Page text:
This is the third in a series of behind-the-scenes blog posts regarding the book, The Single Dad Detour.

Page 39 includes a story about the infamous unwanted grapefruit tree my first wife and I received as a gift. What you don’t know is that the tree was a Christmas gift from my in-laws.11

A nice enough gift if their motive had been right and if I was more mature. But we were both wrong. They gave us the tree merely thinking it would grow and they would get some fresh fruit in return.

In their defense, they were not thinking about the time and money it takes to grow good citrus in Florida. Fertilizer, pruning, and pest control (rats) were added chores that came with owning a fruit tree. At the time, I held an out-of-town job and commuted to work. I was away from home 12 hours each day. I rarely had time to do extra work.

Oh and let’s not overlook my identity to a yard. To me, the yard was a reflection of who I was—-much like house decor reflects the woman who lives there. I was particular (maybe too much) of what I put in my yard. I carefully considered the type of grass, each flower and tree, the kind of landscape bricks—-everything.

So when I saw the potted tree on Christmas morning, I was not sure how to respond. The look on my in-law’s faces clued me in to smile big and thank them. But as they dove into their expectations of reciprocated bags of fruit, my grin faded. I had visions of fat, fruit-fed rats taking over my yard and home, money spent of pruning tools and fertilizers, a heater to keep the tree from freezing during the winter months. Yes, central Florida often gets freezing temperatures that ruin entire citrus groves.333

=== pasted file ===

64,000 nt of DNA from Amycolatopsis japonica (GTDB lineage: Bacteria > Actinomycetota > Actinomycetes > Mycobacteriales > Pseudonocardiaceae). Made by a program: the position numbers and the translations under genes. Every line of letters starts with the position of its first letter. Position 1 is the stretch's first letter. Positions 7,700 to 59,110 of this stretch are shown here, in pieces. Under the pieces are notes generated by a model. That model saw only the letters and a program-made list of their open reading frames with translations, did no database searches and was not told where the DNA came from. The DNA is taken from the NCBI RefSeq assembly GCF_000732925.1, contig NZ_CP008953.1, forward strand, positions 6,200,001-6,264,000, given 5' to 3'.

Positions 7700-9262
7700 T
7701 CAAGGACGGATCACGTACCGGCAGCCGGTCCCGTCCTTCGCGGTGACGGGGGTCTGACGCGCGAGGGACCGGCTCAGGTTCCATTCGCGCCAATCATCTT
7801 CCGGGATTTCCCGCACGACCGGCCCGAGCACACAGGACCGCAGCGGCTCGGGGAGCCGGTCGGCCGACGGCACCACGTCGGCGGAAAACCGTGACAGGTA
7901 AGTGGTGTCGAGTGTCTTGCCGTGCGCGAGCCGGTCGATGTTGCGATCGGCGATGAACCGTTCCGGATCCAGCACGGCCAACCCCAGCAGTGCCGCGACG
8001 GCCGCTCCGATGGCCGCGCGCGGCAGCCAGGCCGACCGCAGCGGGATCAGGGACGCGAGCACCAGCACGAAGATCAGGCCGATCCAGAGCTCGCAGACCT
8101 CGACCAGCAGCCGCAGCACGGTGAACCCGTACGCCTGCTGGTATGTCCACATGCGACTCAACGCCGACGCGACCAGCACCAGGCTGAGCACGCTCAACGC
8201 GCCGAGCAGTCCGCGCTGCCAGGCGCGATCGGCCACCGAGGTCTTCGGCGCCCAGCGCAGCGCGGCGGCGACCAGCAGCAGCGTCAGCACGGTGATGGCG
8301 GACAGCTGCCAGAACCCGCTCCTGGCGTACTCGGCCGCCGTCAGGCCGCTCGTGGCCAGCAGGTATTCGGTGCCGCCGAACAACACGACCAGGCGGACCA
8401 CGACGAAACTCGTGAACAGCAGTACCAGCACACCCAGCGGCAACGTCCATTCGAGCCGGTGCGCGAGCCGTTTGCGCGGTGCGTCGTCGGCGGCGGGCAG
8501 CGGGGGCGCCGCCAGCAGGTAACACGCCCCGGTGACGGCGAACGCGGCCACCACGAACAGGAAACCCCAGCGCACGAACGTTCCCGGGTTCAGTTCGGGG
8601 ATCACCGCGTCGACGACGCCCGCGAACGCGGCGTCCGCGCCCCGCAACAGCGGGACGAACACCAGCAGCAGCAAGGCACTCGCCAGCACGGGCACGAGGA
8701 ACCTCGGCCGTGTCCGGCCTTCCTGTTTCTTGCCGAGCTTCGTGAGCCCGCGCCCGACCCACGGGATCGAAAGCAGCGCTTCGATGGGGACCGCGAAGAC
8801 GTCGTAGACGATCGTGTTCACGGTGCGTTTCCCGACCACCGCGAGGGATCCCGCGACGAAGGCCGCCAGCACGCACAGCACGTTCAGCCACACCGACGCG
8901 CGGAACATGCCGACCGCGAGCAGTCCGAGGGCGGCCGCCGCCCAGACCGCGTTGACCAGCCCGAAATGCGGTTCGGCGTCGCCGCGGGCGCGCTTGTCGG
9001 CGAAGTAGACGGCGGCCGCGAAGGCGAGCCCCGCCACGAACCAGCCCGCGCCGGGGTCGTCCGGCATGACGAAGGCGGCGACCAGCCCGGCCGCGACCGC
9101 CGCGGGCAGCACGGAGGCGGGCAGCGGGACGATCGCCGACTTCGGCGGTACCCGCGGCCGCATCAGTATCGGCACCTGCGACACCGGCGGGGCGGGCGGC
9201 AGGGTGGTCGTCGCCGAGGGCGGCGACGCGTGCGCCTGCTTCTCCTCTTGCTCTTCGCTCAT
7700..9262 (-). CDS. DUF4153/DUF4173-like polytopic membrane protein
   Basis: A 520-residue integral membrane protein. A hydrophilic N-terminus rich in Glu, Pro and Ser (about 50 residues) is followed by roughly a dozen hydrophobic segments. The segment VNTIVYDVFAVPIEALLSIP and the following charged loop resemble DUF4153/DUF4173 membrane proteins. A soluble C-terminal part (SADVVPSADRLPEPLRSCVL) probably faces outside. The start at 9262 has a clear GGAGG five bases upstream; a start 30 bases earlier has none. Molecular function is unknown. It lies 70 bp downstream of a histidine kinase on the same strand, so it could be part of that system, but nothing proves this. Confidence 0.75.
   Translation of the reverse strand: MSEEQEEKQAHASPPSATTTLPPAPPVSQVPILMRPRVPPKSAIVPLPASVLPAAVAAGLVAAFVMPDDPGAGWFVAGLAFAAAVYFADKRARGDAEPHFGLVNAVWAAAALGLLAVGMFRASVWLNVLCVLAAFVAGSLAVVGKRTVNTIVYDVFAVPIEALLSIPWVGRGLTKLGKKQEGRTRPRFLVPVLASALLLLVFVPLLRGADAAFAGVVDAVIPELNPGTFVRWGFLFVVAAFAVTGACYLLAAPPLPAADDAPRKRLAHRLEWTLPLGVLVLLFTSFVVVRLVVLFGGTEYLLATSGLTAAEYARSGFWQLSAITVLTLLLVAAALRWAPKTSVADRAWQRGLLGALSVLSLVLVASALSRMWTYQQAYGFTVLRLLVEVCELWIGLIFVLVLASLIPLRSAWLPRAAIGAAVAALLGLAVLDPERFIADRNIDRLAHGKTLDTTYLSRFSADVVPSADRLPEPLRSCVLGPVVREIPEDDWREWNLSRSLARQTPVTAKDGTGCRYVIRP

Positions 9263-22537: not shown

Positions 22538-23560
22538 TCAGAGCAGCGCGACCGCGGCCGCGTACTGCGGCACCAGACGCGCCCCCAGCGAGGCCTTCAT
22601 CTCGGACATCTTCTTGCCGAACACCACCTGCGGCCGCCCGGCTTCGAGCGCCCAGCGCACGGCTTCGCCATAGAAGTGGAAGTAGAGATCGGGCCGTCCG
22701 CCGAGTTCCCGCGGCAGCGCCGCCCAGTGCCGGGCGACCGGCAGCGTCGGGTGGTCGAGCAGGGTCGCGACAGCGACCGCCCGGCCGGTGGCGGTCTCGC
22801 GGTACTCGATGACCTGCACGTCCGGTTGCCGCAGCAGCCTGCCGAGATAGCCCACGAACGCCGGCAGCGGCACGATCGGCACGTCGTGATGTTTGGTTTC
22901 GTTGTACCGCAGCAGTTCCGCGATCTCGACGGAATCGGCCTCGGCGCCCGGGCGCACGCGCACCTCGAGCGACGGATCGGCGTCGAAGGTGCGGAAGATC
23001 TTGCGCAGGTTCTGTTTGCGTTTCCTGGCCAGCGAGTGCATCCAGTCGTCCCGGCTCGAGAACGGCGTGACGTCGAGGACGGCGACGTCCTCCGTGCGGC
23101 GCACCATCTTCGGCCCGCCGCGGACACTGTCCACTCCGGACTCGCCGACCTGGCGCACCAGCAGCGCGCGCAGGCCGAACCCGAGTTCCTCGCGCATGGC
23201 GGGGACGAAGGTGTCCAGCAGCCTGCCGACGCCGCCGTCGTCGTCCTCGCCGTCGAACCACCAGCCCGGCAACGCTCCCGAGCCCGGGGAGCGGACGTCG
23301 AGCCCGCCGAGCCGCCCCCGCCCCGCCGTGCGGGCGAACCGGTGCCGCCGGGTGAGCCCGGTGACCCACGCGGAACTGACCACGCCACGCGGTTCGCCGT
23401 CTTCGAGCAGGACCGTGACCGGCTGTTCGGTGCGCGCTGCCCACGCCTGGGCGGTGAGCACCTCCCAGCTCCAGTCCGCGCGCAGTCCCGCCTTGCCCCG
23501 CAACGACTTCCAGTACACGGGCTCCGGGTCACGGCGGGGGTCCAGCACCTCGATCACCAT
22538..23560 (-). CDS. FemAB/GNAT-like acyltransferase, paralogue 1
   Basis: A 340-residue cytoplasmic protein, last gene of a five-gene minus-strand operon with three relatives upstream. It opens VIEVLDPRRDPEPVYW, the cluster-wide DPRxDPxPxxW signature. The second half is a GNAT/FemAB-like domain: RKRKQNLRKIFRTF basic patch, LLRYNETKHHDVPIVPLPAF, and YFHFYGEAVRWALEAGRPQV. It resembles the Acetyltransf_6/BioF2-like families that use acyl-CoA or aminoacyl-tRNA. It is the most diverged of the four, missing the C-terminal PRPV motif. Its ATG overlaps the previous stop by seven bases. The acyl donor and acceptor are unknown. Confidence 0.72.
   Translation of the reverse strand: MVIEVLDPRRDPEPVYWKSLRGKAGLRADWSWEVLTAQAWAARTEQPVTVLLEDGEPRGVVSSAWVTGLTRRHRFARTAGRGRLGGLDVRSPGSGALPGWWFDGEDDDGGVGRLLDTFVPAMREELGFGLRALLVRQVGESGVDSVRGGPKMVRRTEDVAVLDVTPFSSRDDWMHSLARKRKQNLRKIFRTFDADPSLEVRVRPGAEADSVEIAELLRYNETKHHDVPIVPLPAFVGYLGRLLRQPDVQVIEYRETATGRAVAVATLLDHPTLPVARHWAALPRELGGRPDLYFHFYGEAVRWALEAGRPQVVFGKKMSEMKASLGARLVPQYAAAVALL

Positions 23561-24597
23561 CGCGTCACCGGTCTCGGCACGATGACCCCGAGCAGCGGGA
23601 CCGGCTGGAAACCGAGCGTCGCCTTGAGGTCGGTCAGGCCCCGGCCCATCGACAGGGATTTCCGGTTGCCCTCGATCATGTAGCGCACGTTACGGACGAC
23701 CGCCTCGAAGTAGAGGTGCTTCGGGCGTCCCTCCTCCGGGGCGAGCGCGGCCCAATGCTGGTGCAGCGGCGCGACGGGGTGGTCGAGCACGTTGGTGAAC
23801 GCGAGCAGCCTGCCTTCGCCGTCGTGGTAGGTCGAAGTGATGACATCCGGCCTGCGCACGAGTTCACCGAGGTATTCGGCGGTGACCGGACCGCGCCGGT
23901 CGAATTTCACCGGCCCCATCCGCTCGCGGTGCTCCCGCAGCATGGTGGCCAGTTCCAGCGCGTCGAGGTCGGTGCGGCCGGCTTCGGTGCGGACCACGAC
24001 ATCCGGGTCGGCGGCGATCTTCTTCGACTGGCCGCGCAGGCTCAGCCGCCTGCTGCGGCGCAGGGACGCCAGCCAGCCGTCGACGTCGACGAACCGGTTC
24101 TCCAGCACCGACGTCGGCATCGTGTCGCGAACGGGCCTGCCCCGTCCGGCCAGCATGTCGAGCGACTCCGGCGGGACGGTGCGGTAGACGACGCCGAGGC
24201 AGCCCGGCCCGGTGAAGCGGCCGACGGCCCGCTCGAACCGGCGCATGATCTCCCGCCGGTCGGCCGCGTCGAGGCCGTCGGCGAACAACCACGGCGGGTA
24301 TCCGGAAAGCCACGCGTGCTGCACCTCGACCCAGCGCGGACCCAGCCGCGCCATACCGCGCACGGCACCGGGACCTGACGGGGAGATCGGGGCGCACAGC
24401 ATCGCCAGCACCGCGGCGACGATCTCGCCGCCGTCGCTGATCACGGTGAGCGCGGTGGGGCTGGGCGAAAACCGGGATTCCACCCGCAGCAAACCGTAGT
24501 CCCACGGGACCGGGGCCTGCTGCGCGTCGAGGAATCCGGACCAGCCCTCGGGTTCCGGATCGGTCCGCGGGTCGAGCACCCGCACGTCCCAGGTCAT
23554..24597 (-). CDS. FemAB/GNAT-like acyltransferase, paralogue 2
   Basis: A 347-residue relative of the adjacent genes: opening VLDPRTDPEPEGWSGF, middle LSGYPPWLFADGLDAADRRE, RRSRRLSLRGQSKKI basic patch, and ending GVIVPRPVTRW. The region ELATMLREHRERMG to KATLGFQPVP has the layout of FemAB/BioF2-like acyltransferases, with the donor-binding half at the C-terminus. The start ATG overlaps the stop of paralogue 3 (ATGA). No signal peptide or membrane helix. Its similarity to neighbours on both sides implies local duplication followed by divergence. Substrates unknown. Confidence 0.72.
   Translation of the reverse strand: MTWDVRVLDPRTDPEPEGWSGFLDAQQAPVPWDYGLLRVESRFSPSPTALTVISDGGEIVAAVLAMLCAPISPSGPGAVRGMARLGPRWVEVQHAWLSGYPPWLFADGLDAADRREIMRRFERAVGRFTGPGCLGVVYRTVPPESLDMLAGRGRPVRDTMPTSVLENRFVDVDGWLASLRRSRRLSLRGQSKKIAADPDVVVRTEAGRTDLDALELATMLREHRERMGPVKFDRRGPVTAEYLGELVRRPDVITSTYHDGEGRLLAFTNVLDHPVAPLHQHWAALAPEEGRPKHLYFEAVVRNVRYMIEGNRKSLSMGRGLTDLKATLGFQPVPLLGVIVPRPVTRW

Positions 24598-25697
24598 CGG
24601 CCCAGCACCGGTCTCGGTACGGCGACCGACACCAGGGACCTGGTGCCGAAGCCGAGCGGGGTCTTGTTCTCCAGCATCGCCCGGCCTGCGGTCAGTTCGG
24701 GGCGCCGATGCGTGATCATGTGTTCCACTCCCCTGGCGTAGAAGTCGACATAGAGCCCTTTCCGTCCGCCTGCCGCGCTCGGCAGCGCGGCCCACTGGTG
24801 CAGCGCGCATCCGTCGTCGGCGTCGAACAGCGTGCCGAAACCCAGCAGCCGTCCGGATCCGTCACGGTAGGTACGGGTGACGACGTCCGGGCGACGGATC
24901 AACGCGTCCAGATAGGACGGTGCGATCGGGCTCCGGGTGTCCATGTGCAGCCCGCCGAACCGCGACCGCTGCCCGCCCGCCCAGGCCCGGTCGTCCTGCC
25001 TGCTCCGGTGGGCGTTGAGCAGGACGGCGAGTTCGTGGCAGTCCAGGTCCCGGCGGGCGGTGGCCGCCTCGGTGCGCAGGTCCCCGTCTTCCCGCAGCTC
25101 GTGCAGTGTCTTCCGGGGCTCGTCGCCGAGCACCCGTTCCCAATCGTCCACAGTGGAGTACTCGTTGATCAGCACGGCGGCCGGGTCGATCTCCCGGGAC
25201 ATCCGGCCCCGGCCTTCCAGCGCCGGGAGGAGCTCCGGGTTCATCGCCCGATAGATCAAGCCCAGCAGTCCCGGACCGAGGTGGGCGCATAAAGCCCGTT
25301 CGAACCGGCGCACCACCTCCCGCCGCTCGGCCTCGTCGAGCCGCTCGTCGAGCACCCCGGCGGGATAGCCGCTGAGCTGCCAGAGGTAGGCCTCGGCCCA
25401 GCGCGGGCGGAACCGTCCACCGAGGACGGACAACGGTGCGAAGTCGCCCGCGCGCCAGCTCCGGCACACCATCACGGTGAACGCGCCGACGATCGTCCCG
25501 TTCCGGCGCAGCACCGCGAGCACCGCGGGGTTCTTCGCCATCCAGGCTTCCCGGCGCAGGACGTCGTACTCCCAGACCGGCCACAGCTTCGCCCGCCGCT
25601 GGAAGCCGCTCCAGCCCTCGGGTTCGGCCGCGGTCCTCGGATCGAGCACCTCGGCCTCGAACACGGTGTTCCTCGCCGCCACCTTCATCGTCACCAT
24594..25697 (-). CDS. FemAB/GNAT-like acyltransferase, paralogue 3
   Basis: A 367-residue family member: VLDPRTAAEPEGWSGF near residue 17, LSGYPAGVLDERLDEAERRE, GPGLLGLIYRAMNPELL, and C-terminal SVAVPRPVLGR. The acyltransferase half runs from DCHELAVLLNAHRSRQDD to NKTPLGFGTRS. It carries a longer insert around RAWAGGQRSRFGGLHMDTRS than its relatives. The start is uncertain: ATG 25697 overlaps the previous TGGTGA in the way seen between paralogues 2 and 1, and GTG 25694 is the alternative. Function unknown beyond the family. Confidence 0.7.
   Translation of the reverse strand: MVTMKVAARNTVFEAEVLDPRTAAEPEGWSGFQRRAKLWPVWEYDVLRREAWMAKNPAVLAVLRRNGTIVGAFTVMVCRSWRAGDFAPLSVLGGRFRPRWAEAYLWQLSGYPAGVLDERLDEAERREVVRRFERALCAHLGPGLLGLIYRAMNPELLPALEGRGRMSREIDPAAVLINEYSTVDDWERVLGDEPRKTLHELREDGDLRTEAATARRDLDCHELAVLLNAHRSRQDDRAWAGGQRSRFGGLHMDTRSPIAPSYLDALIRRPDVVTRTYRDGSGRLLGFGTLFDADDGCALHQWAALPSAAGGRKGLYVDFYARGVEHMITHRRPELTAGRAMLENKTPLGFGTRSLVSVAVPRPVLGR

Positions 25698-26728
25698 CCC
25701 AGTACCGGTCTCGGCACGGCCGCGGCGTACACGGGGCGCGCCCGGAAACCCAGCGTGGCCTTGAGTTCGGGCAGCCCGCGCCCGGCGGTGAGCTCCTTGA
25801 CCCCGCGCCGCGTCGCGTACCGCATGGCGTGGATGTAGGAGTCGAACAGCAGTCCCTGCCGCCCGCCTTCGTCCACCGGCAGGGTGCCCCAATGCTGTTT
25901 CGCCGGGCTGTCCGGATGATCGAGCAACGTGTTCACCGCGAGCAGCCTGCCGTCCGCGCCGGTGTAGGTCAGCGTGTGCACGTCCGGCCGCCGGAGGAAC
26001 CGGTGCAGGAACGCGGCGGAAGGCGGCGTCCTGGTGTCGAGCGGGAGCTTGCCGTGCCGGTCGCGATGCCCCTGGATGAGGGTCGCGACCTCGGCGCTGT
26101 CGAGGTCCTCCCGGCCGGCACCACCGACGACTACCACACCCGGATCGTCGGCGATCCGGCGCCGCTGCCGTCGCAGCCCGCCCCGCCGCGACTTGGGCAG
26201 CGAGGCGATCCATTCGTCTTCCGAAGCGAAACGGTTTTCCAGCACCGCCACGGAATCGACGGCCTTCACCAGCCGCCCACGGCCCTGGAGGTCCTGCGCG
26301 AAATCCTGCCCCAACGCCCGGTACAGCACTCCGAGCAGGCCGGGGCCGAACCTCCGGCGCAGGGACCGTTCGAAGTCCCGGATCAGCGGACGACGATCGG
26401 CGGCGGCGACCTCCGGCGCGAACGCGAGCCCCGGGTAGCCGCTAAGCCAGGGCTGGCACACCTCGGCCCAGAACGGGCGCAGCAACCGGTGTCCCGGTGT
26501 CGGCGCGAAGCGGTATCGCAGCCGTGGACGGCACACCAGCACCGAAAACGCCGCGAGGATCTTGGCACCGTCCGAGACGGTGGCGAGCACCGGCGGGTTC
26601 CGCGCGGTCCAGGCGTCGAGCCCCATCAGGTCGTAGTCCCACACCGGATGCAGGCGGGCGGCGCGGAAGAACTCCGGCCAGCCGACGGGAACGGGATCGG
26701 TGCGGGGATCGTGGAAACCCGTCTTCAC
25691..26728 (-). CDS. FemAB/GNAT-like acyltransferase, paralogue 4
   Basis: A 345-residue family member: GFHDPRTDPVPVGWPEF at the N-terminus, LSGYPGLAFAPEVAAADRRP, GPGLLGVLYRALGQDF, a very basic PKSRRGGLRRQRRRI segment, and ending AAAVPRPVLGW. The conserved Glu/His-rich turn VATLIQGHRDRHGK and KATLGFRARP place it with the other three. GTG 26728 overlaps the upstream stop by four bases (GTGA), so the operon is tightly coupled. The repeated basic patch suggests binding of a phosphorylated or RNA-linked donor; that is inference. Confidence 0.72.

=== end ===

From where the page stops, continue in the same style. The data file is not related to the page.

I dutifully planted the tree and watered it. Then, under cover of night, so my neighbors couldn’t see me, I poured gasoline on the roots of that sweet little tree.

So good for the environment.

I never bothered to stop and ask God what I should do. Instead, as Frank Sinatra sang, “I did it my way.”

What a coward and a fool I was. I might have enjoyed years of fresh produce but I was too self-centered. I forfeited the joy of receiving a wonderful gift and the opportunity to provide sweet treats to my wife, kids, and in-laws.

22In this story shared in The Single Dad Detour I go on to explain how, if unchecked, our attitudes and actions lead us down roads we later regret. 

Being led by the Holy Spirit is key to surviving, whether it’s a Christmas gift you don’t want or a spouse that doesn’t want you. How often we take matters into our own hands.

When things don’t go as planned, pray. That’s the lesson here. Pray for wisdom, pray for humility, pray for maturity. The Lord is an ever-present help in time of need.

The rest of the story? Well, that poisoned tree lasted about 4-5 days and died. Then I pulled it out of the ground and tossed it in the trash can. I thought my problems were solved. In actuality, that dead tree represented a much bigger problem I was of yet unaware. 

The devil had poured poison on my family and I was about to discover my marriage was dead. But you’ll have to read the book if you want to know more about that.